The UMBS market went live on June 3rd, 2019 and has dominated Agency MBS trading since then. It has also steadily changed the way market participants look at MBS; instead of focusing on Fannie Mae and Freddie Mac securities separately, investors now aggregate across the different Agencies. This has been made possible by the FHFA requiring that the two GSEs have aligned policies, programs and practices when it comes to MBS issuance, and furthermore that any material misalignment in prepayment speeds between Fannie Mae and Freddie Mac pools needs to be reported and remedied. The takeaway from the perspective of float calculations is that estimating the tradable amount in any coupon now involves aggregating across both Agencies.

Some questions immediately pose themselves: How do Level 2 pools fit into the UMBS picture and should legacy 45-day Gold MBS be included in UMBS float calculations? We address these questions in the next two sections.


Supers are Level 2 pools that contain UMBS with the crucial point being that a Super can contain a security that is issued and guaranteed by either Fannie Mae or Freddie Mac. In other words, Supers allow for commingling the issuance of both GSEs. Supers can be backed by UMBS or other Supers.


Mirrors address the issue that a significant volume of previously TBA-eligible Freddie Mac issued MBS would not qualify for UMBS or Super issuance and consequently would not be TBA-eligible either because of their non-standard payment delays.

To remedy this, an existing Gold PC (Freddie Mac’s legacy 45-day payment delay MBS) can be exchanged for a mirror security with a 55-day payment delay and the same characteristics as the Gold MBS such as unpaid principal balance, pool factor, weighted average coupon etc. The mirror is collateralized by the same loans as the Gold PC. Since the UMBS investor payment cycle is 10 days later than Freddie Mac’s payment schedule investors are paid a fee (“float compensation”) when exchanging their legacy Freddie Mac securities for a UMBS.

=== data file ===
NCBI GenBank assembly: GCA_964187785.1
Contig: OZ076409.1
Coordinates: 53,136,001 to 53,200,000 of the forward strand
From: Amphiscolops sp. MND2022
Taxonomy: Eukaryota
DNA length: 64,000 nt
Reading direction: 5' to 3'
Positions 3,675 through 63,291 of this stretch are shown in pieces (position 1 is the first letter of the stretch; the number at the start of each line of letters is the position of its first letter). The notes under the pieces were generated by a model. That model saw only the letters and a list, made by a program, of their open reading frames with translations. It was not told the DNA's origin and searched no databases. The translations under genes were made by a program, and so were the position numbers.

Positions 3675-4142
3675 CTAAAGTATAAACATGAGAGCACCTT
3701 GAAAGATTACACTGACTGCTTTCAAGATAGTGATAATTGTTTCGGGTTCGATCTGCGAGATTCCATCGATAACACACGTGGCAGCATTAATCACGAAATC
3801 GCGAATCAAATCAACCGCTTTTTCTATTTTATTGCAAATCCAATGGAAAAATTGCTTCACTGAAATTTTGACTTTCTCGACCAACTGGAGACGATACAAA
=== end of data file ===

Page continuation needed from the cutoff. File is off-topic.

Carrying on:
To facilitate the exchange process, Freddie Mac issues 55-day mirror securities on a one-for-one basis for all exchange eligible 45-day Freddie MBS Golds. While Mirror pools are ultimately backed by the same loans that back the exchanged 45-day pools they have new CUSIPs, prefixes, issuance dates and pool numbers.

Both Level 1 Gold PCs and Level 2 Giants can be exchanged for a Mirror. A Mirror security can be considered to be a Level 2 security since in some sense it contains (either in part or whole) the underlying Gold pool.

An Example

To provide further texture on some of the relevant calculations we'll review an example of some float-related calculations for Agency pools that are TBA-eligible in the table below.

The first set of calculations for coupon cohorts focuses on Fannie Mae and Freddie Mac 30-year Level 1 pools because these serve as the ultimate collateral for all other resecuritizations. Freddie Mac outstanding amounts represent the sum of all new 55-day Freddie Mac MBS (excluding Mirrors) plus all 45-day Golds. Freddie Mac 30-year 45-day pools are included in the float calculations since they can be exchanged for TBA-eligible mirrors. Filtering for Level 1 pools automatically excludes Mirrors and therefore avoids double-counting balances.

As per our Float formula above, we can estimate the total tradable float in pools by summing all float balances in Level 1 and Level 2 pools. For any individual pool, we use our lockup databases to properly account for the amounts allocated to CMOs or the Fed. These locked-up amounts are summarized in the CMOLock and FedLock columns in the table.

We can further decompose the Float into securities that can be traded as Specified Pools or securities that are TBA Deliverable. Specified Pools are individually identified by mapping them to various prepayment stories. New issue pools (and seasoning in general) are excluded from the list of stories because these stories can potentially be delivered as TBA for at-the-money and out-of-money pools, and even in-the-money pools if the roll is special.